Some 96% of smokers are already aware of e-cigarettes, so I am clear that promotion is not about raising consumer awareness, which already accounts for 96% of that market. While businesses’ ability to communicate about their products may have been curtailed in the interests of protecting children, they have not been banned outright. The regulations will not prohibit information being provided to customers either online or in physical retail outlets. Nor will they ban independent reviews of these products or discussion in e-forums. Some advertising will be allowed, such as point-of-sale, billboards and leaflets. Essentially, these are the information routes that were used when e-cigarette sales and use were growing the fastest. My noble friend made a point about billboards, buses and the like. The reason for the distinction between outlets is to try to minimise the impact on young people. That is what lies behind the differentiation between advertising media.
Secondly, the regulations provide minimum product standards and reporting of ingredients and emissions. This should reassure smokers who are looking to quit that e-cigarettes are safe and high quality, and give the Government and health professionals such as GPs confidence in recommending them to smokers. The product standards in the regulations are a result of balancing user needs and risk of accidental exposure to children. Of the reported poisoning incidents, running at some 250 a year, one-third relate to young children under the age of four. The regulations require child-resistant packaging, and the 20 milligrams per millilitre limit for nicotine, combined with the size restrictions on tanks, ensures a maximum exposure of 40 milligrams of nicotine, which is below the level of 50 milligrams that the European Chemical Agency assesses would cause acute toxic effects for toddlers. ASH recently published data indicating that only 9% of vapers report using e-liquid containing 19 milligrams per millilitre or more of nicotine. I know that my noble friend Lord Cathcart is a heavy user of this particular substance, but he is among only 9%. Moreover, the changes in technology will make it increasingly possible for users to get high levels of nicotine uptake for any given strength. Producers can of course get a higher strength approved by the MHRA.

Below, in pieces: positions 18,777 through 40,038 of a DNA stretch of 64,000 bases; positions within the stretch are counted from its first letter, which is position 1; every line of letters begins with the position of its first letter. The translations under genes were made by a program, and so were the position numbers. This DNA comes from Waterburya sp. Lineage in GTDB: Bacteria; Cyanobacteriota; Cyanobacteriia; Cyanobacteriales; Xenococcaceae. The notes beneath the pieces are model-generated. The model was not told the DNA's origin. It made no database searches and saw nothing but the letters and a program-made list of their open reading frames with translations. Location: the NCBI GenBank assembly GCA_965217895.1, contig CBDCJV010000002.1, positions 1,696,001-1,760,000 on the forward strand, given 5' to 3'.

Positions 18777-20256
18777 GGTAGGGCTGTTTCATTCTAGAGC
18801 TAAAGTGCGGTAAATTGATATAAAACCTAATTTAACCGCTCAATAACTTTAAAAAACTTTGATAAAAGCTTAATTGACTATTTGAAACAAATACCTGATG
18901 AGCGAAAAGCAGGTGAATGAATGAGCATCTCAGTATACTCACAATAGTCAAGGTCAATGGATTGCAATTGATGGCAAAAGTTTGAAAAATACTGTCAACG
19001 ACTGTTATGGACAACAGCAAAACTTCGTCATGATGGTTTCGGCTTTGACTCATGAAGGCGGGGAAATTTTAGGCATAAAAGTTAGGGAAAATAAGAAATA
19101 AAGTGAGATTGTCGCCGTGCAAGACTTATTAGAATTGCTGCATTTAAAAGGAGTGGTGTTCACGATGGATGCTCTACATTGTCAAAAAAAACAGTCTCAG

My third main argument in favour of these regulations is that the UK’s approach to the regulation of e-cigarettes has, and will remain, pragmatic and evidence based. We have one of the most liberal approaches to e-cigarette regulation in the world. We have implemented domestic age-of-sale legislation, preventing sale to under-18s, but we have not banned flavours in e-liquids or cross-border distance sales, nor have we restricted vaping in public places. I remind noble Lords that the latter two measures have been introduced in around two-thirds of all other EU member states and are also common in other parts of the world. I am not sure whether the noble Lord, Lord Forsyth, is right when he talks about gold-plating in this context.